Perhaps you are not an ill-tempered person. Maybe you do not fly off the handle or rage when your will is frustrated. A calm demeanor, however, is not necessarily evidence that your heart is righteous.
Jesus spoke about a different, even more virulent form of anger—contempt. His warning about insulting others is often passed over by modern readers as unimportant (Matthew 5:22). That is a serious mistake.
The insulting word he used was raca, a dismissive term of contempt in his culture derived from the sound of clearing spit from one’s throat. This kind of contempt is different than mere anger because it seeks to diminish the inherent value of the other person.
Contempt views the other as sub-human and not even worthy of my anger. It excludes the other person from being worthy of any care, thought, or dignity.
In our culture it is all too common to devalue those with different political values, ethnic backgrounds, sexuality, economic status, or religious traditions. In fact many of our political and media leaders build their audiences by doing this.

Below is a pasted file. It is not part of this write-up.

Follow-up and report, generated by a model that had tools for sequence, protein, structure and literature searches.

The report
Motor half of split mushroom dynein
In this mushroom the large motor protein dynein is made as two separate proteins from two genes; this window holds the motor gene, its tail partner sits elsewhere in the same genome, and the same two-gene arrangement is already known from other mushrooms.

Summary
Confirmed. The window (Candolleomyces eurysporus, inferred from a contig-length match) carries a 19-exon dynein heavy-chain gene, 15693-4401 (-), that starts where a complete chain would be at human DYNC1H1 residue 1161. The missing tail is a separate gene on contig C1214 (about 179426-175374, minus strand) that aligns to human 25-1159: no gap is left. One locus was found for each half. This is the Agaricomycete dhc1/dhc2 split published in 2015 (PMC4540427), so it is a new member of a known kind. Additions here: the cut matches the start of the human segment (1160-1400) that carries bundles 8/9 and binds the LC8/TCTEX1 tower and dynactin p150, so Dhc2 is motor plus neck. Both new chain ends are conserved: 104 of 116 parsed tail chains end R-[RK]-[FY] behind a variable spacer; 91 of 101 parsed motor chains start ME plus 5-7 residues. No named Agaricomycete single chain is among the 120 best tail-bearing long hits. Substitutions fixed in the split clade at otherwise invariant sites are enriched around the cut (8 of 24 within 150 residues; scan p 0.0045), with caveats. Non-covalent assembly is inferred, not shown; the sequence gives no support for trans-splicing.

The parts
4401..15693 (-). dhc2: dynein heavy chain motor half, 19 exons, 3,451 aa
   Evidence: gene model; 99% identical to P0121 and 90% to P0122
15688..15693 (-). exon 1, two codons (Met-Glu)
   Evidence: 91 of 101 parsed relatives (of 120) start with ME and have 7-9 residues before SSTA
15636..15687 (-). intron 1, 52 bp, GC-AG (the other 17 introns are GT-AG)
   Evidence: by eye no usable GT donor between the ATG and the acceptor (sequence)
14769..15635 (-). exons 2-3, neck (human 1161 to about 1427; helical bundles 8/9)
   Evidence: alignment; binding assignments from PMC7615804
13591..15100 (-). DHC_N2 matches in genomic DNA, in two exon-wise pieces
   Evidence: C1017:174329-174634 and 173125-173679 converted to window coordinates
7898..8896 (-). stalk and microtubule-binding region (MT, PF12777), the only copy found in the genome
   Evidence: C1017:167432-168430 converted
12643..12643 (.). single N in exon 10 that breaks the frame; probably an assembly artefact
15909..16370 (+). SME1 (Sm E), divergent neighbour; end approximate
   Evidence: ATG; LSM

Of course we should be wise and discerning, but we must not allow our loyalty to ideas to become contempt for those who disagree with us.
Justice Antonin Scalia died in 2016. He was celebrated by conservatives and dreaded by progressives, but both sides recognized his brilliance and his sharpness with both tongue and pen. He was also beloved even by his opponents. It may have been because Scalia held his beliefs without contempt for his opponents.
He said, “I attack ideas. I don’t attack people. And some very good people have some very bad ideas. And if you can’t separate the two, you gotta get another day job.”
More of us, no matter our beliefs, should emulate his example.
- Skye Jethani 2018